Religion and war have always been mixing and closely related throughout history. Missouri-born artist Kris Kuksi took notice of this connection, repeating itself throughout history, and decided to unveil it in his Churchtanks sculpture series. By creating the juxtaposition between the classical world and the modern war gear, Kuksi transforms the houses of worship into tanks, blending the two structures smoothly and seamlessly.
Posts Tagged ‘Sculptures’
Hungarian artist, going by the nickname of Cerkahegyzo, carves amazing sculptures from a single pencil. To create such meticulous miniatures, the artist uses needles, sandpaper, razor blades, polishing stones, files and all variety of pencils. Cerkahegyzo was inspired to start sculpting pencils after he came across the tiny pencil tip sculptures by Dalton Ghetti.
Li Hongbo’s artwork may look like porcelain or gypsum sculptures at first, but that’s only until he demonstrates how flexible they are. Beijing based artist, book designer and editor creates these busts and sculptures out of thousands of layers of glued thin paper. Hongbo builds the honeycomb-like structures by strategically placing the glue on each sheet of paper, and then gives the desired shape to it.
What at a first glance might look like Gothic stained glass windows, are actually Eric Standley’s paper creations. Currently based in Virginia, the artist uses a laser to meticulously cut out the patterns in thousands of layers of paper which are then all put together.
Steven J. Backman, a San Francisco native, makes incredible tiny sculptures using only one toothpick, a straight edged razor blade and glue. His motto, “The Essence of Patience,” truly exemplifies his drive and determination towards creating unique and unforgettable one-of-a-kind pieces of art.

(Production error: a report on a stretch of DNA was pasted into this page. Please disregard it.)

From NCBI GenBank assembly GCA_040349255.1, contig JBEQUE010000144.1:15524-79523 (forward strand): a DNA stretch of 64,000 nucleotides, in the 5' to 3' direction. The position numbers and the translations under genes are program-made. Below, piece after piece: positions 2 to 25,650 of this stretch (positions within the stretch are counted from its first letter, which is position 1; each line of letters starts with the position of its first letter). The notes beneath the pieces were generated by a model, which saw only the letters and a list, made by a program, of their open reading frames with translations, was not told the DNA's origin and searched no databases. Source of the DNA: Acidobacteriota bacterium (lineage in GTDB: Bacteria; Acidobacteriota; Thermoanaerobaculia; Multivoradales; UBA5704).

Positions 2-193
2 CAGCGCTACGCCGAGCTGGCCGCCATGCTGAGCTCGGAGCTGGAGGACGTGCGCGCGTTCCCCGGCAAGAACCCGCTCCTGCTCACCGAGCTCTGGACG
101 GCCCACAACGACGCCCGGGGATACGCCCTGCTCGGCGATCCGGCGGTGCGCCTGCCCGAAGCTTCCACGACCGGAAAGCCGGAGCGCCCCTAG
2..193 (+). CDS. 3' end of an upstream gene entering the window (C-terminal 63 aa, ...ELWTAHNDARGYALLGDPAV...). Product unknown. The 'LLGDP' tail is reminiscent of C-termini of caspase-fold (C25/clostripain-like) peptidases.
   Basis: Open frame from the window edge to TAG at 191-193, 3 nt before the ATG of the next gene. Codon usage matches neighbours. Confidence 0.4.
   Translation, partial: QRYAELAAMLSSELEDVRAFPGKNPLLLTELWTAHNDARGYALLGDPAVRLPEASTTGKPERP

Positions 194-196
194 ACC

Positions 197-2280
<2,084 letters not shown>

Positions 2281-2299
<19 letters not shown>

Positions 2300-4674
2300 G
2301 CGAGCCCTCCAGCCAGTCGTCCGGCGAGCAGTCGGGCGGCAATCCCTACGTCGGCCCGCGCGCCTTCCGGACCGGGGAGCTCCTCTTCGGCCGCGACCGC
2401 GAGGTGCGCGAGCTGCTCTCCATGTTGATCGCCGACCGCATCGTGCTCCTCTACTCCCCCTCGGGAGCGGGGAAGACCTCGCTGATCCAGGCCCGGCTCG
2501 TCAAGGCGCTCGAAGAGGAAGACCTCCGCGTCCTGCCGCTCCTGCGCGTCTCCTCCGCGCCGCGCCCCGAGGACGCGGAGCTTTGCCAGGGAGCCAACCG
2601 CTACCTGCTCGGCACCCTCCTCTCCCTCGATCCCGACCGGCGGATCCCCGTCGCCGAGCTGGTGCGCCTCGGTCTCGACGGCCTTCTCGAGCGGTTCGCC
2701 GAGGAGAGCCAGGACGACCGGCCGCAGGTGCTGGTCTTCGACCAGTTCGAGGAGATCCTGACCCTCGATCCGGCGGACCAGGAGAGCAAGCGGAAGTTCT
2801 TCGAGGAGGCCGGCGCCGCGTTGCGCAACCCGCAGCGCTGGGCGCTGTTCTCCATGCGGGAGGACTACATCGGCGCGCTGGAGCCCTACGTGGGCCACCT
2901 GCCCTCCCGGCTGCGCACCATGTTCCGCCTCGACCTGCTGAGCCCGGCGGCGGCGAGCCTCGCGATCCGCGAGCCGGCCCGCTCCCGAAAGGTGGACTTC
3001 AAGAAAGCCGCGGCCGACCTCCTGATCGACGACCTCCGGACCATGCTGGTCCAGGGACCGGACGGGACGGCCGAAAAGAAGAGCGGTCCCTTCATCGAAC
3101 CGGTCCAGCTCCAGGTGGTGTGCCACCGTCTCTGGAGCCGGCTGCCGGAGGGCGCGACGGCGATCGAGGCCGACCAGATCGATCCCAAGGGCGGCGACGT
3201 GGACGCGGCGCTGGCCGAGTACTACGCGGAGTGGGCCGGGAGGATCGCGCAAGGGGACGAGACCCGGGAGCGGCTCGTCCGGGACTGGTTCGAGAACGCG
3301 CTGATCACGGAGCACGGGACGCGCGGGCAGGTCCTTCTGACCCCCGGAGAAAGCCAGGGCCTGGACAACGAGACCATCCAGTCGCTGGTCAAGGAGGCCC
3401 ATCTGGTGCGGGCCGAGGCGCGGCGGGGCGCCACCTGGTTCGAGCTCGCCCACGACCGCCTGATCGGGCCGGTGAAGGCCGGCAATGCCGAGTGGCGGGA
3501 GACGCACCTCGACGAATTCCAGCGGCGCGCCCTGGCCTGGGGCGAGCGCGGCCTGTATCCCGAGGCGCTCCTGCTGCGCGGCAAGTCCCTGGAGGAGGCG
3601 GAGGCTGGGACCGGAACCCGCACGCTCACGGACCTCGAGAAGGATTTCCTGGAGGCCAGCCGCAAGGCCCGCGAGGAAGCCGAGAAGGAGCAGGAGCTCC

It hasn’t been long since Creepy Tableware by Ronit Baranga made us lose our appetites, but what you are about to see will make your eyes bleed! I used to think that Shain Erin made the Creepiest Dolls, but a British figurine artist Jessica Harrison has just taken creepiness to the whole new level.
Alex Queral is a Philadelphia-based artist who has found an incredible way to use old, discarded phone books – he carves their pages into celebrities faces. It’s a perfect example how unusual use of materials can lead to worldwide fame and success.
Have you ever noticed that tourists try to get a picture near every boring sculpture or statue they can find? Most of the time, they don’t even care who made it, or why it is there in the first place…
Meet Dalton Ghetti, a 49 year old carpenter, who makes probably the tiniest sculptures in the world. It can sound unbelievable, but he manages to carve a highly detailed sculpture on the tip of a pencil from available graphite. Now living in Connecticut, USA, he has been doing these mind-blowing works for about 25 years.
Meet David Cerny – an internationally famous Czech sculptor, best known for his giant space-age babies that crawl up the Zizkov TV tower a hundred meters or so above Prague. He gained notoriety in 1991 by painting a Soviet tank pink that served as a war memorial in central Prague. As the Monument to Soviet tank crews was still a national cultural monument at that time, his act of civil disobedience was considered “hooliganism” and he was briefly arrested.
While many artists strive to glamorize, and portray our world to be better than it actually is, others simply find art in our ordinary lives and our simple bodies. Mueck is one of those artists, and is now well known for his sculptures where he portrays humans at key stages in the life cycle, from birth through middle age, to death.
Some artists use paint, others bronze – but Nathan Sawaya chooses to build his awe-inspiring art out of toy building blocks. LEGO® bricks to be exact. The former corporate lawyer quit his job in 2001 to focus on becoming the world’s foremost LEGO artist.